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correct height of a standing desk

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Despite what you may have heard or read, not everyone needs a standing desk! A standing desk is not the answer to all the problems associated with sedentary office work. For example, a standing desk alone, is unlikely to help you lose weight.

Let us dispel the myth that standing is exercise or that it is the definite answer to your back pain.


Do some people benefit from a standing desk? Absolutely. But, when it comes to health, each person and office is different. In recent times, we have seen extensive marketing and information campaigns as well as media coverage on standing desks, also known as sit-stand desks.

Some of the content is, of course, accurate. A standing desk does facilitate much needed postural changes. Sit stand desks are excellent in call centres, for example, where employees rarely get away from their desks, except during breaks.

Similarly, at non-dedicated workstations, you need easy adjustability to accommodate appropriate sitting and standing height of various employees. Again, a sit stand desk option is great here.

When designing and setting up a new office space, installing height-adjustable standing desks can work well. It is easier and perhaps cheaper in the long run – whenever there’s reorganization, the new desk user simply sets up the workspace to suit their needs.

Remember that a combination of media and marketing can be quite convincing when it comes to the need for a sit-stand desk.


People need movement. The main cause of many workplace discomfort concerns is poor posture and sedentary behaviour. A standing desk on its own solves neither. You might notice that excessive sitting causes tightness and discomfort in the hips and lower back for example. However, standing for long periods can also cause muscle tightness and discomfort. Many of these issues will be improved by regular movement regardless of your preferred working posture.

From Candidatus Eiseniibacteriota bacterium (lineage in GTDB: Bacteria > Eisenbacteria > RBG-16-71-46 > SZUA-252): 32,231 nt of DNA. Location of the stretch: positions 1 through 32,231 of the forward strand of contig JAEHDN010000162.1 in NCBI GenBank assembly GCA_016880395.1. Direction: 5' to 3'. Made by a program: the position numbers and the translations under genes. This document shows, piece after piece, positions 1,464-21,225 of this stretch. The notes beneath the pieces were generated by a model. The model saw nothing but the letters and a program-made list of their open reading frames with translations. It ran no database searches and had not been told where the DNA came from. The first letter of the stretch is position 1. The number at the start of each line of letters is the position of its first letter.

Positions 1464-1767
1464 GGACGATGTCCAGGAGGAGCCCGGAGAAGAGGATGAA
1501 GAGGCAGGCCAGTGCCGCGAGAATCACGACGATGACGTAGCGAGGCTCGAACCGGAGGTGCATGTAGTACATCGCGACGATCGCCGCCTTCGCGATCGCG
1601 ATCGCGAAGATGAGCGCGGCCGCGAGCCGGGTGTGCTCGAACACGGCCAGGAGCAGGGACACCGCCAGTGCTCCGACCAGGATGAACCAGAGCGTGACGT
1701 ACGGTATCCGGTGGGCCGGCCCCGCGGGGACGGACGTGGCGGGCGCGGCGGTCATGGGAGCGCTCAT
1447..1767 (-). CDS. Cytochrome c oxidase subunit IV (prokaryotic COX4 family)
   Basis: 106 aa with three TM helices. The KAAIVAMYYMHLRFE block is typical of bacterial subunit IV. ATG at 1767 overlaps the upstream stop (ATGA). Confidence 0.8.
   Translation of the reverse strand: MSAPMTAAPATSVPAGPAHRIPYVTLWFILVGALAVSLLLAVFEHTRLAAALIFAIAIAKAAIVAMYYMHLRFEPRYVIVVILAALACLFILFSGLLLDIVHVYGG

It is important to have the correct information when it comes to standing desks – standing is not activity! Just like sitting, standing is a static or still position. It is a good idea to use break reminder software to ensure, just as in sitting, that you do not remain standing for long periods.

If you feel like you can stand for longer, that is great. But do not feel tempted to start standing for hours at a time, this is likely to cause you some discomfort. Stand for short periods only and switch between sitting and standing frequently when using a sit-stand desk.

If you are investing in a standing desk, make sure the surface is large enough to host all workplace items. Including your screen, keyboard, mouse, phone, writing surface, etc. The use of an anti-fatigue mat is often personal preference. Rather than relying on one, tune into your body's feedback system. Take note of any aches or strains. This is your body's way of telling you that it is time to change posture.  Do wear comfortable, supportive footwear when standing for work.


Hopefully, sit to stand desks have caught your attention because you are interested in your health. This is great. However, regular exercise, alternating your work tasks, and frequent movement are cheap and effective ways to also care for your health at work.

Overall, whatever type of desk you choose to use, ensure it is correctly setup for your height and sitting posture. Your desk is the correct height when your shoulders are relaxed, your elbows are by your sides and at 90-degrees while typing. This applies for sitting and standing. It is great if you are using a sit-stand. However, take the time to understand the correct ergonomic setup of this desk.



Fit For Work provide a range of ergonomics services that are suitable for those working from home/remotely or those who are office-based. To learn more about office setup and good ergonomics principles, you can reach out to Fit for Work to talk about how an ergonomic programme within your office can increase productivity, increase staff satisfaction, improve staff retention and reduce sick leave.